I’m seeing articles about tiny houses all the time lately, and I understand why people like them:
- They’re cute, and often cleverly designed.
- They’re good for people who want to live very simply.
- Since they’re on wheels, you don’t have to pay property tax on them.
- Since they’re tiny, they don’t cost much to heat or cool.
- They’re sturdier than a modern towable trailer.
- They’re cheap enough that you can pay cash and live mortgage-free.
Nevertheless, I can see some problems with tiny houses, particularly for those who are looking for a cheaper way to live:
- They’re very expensive per square foot. A new 18-foot long model (163 square feet including loft) sells for $57,000, or $350 per square foot. Consider that many nice small homes sell for $100 per square foot or less. (Of course, tiny houses can be cheaper if you build your own.)
- There’s little room for storage, meaning you can’t save money by buying on sale in bulk, nor will you have room to store the tools needed to make repairs or create things (ouch!)
- You’ll have to find a landowner who will give you permission to park your tiny house on their property.
- Tiny houses often have wooden exteriors, which will require regular maintenance to prevent weather damage.
Finally, there’s the fact that most tiny houses have upstairs lofts for sleeping, and they’re usually accessed by tiny ladders or steps. Being a woman of a certain age, I think I’d be courting disaster when making my routine middle-of-the-night bathroom trips down to the bathroom and back up to bed using a ladder. So tiny houses might be better suited to the younger set.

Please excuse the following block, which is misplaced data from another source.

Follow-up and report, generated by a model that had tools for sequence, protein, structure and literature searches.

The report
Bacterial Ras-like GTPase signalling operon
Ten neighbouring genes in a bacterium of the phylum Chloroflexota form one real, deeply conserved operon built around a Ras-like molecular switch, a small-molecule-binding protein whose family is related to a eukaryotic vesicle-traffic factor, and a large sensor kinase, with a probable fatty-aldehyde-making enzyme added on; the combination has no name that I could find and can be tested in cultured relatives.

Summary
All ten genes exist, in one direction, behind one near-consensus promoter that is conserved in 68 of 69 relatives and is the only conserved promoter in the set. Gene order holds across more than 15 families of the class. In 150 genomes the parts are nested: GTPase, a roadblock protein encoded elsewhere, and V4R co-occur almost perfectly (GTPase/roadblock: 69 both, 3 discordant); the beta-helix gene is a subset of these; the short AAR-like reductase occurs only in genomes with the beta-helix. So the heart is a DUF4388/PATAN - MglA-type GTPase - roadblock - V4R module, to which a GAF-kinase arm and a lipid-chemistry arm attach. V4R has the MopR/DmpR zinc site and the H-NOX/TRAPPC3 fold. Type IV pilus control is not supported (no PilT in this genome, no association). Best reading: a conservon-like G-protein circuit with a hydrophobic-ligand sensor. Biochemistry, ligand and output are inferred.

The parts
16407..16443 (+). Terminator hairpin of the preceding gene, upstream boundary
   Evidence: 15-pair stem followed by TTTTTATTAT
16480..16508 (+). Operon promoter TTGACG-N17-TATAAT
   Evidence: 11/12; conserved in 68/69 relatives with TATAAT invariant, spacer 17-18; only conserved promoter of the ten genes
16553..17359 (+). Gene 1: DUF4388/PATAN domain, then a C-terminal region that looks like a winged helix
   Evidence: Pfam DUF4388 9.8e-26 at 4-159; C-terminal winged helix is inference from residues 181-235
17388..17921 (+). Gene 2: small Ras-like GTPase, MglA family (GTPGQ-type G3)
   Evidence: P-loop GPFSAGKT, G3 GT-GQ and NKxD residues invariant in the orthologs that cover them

Nevertheless, tiny houses are a popular topic right now. No doubt the lousy economy has something to do with this surge in popularity. Seems to me that some people are getting kind of ridiculous about it: check out this very tiny house.
Personally, I find that living in a small house with a basement solves the affordability problem very well. Our purchase price worked out to $84/per square foot (not counting the basement or garage). Our basement is finished, making it great for entertaining and useful for extra storage. And even though I can’t take my house with me when I travel like people with tiny houses can, I find that a well-appointed hotel room or vacation condo suits me just fine and makes a nice change of surroundings.
But that's just me. If you're convinced that a tiny house is the only way to go, why not rent one to see how you like it? It would be fun to spend a month in something as cute as this tiny house, and it's in a lovely location to boot.